In May 2015, in Argentina, 14-year-old Chiara Paez, pregnant, was assassinated by her boyfriend, 17-year-old Manuel Ignacio Mansilla Gallegos. He killed her by blows and buried her body in his backyard. Because of this femicide, a group of journalists convened a protest on June 3 in Buenos Aires. Half a million people participated under the #niunamenos (Not Another One).
The killer was sentenced to life in prison, but recently a court of the state of Santa Fe (where the femicide happened) reversed the conviction because Gallegos was a minor at the time of the crime. Now his sentence is in the hands of a juvenile court, and speculation is that he will get no more than 15 years in jail. The court didn’t notify the family of Paez of its decision, which angered many people and sparked complaints.
The “Ni Una Menos” (Not Another One) movement was born seven years ago. It opened room for expression and the exchange of opinions about feminism, which finally could take a central place in the public debate and the politics of Argentine society—and beyond. Even the doors of the government opened up—although not totally—to feminism. It was a period for consolidation of decades-long struggles.
There are rumors of feminist judicial reform, a daunting step to those “feminism-phobics” who get panic attacks thinking Argentina will become a country ruled by Amazons. There were 17 years of campaigning for abortion rights—the movement started in 2005—which was inter-feminist, interdisciplinary and integrally cooperative, resulting in the passage of a bill by Congress on Dec. 30, 2020.
Although the attacks on women’s rights are advancing in the United States, in other countries organized women are achieving significant policy victories. That is the case in Argentina, where 2020 legislation made it legal for women to have an abortion until week 14 of a pregnancy. The law went into force on Jan. 24, 2021. Argentina has allowed therapeutic abortion and abortion in cases of rape since 1921.
A 2005 study by the Argentine Health Department found that there were 370,000–520,000 illegal abortions per year in a country of 45 million inhabitants. According to Dr. Adolfo Rubinstein, the secretary of public health in 2017 and 2018, illegal abortion is the leading cause of female mortality.
In 2018, a bill legalizing abortion was introduced in Argentina’s Senate but failed to pass. The struggle was not won at that time, but it was a symbolic knockout. All of society talked about the issue, at home, at the supermarket and even at schools, where students brought in their opinions and concerns.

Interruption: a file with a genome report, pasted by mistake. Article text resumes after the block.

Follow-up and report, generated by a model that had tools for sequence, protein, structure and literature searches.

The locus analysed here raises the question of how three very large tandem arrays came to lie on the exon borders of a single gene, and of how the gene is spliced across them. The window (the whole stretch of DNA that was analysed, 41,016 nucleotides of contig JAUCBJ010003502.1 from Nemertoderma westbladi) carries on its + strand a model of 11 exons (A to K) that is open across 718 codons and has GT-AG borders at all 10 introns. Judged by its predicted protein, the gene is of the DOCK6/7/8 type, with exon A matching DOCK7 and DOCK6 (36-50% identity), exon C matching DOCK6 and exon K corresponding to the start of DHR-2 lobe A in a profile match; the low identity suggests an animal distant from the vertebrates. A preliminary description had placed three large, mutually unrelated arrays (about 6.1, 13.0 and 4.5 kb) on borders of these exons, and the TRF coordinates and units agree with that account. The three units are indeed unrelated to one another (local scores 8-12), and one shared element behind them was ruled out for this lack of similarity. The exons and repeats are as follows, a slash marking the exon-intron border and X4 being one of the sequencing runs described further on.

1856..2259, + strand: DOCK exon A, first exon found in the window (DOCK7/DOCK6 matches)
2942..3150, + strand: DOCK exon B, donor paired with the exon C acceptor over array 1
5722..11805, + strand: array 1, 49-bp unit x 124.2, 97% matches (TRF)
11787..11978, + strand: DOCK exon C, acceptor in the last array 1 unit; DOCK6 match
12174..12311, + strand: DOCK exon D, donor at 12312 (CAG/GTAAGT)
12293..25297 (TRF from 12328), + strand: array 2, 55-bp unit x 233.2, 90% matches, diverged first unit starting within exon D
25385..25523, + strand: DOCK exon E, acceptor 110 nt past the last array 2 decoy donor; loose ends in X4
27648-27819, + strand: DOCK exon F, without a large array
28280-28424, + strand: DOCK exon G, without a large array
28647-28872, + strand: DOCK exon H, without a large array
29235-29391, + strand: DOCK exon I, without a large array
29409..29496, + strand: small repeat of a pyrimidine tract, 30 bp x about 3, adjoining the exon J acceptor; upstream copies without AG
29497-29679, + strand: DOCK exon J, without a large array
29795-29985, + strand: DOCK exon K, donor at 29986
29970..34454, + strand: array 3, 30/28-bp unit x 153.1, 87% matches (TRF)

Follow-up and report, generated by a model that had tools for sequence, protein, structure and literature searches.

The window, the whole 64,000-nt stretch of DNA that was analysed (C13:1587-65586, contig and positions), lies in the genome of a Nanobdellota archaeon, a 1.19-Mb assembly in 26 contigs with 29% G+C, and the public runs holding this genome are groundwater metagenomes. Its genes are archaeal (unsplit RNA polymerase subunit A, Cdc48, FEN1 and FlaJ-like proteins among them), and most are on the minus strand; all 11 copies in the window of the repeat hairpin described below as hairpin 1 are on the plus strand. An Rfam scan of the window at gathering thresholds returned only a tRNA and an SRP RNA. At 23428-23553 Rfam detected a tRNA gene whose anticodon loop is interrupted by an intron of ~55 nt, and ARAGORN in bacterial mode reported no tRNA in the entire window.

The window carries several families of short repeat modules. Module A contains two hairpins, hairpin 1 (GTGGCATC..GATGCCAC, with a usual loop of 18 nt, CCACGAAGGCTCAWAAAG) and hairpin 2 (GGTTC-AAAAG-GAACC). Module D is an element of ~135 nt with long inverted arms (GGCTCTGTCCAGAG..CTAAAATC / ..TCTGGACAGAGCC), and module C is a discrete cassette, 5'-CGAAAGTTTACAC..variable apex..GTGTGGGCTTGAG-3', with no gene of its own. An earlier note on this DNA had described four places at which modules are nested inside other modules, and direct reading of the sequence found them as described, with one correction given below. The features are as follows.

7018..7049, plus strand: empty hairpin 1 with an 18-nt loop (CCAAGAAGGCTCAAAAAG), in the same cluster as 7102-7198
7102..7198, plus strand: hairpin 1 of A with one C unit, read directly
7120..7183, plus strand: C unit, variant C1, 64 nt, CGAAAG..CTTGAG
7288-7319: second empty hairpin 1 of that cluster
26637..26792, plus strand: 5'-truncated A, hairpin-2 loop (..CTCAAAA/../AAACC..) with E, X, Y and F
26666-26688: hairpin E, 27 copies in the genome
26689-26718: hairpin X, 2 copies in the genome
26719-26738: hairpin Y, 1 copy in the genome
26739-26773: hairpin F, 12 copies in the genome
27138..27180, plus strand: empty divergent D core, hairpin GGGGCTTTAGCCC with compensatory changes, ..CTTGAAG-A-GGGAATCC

Some believe that the conservative administration of Mauricio Macri (2015–2019) allowed the introduction of the bill thinking Congress wouldn’t pass it and that people would forget about it. He didn’t anticipate the consequences of the public debate.
It is difficult to make a vertical analysis of feminism because feminism is transversal. Feminists are all over, on all fronts, defending the good quality of life that women deserve.
Argentine feminists are anti-capitalists and anti-extractive, opposing the exploitation and impoverishment of the earth. They are organized to defend and take care of themselves while at the same time helping humankind. Today, feminism in Latin America is a tool to continue the struggle for emancipation and true independence.
Feminism questions the role assigned to women at all levels: social, economic, legal, domestic, cultural, political and educational. Sorority and solidarity unite with the scope of achieving a better world, without inequalities and without productive systems poisoning the earth.
“Feminist marches are the best,” noted an Argentine feminist.”There is so much harmonic diversity. There is no violence. We dance, we sing, we play music. We love these encounters, we dress up, we face-paint ourselves, and we move forward despite the cruelty we face.”
Photos by Inte Mena Navarro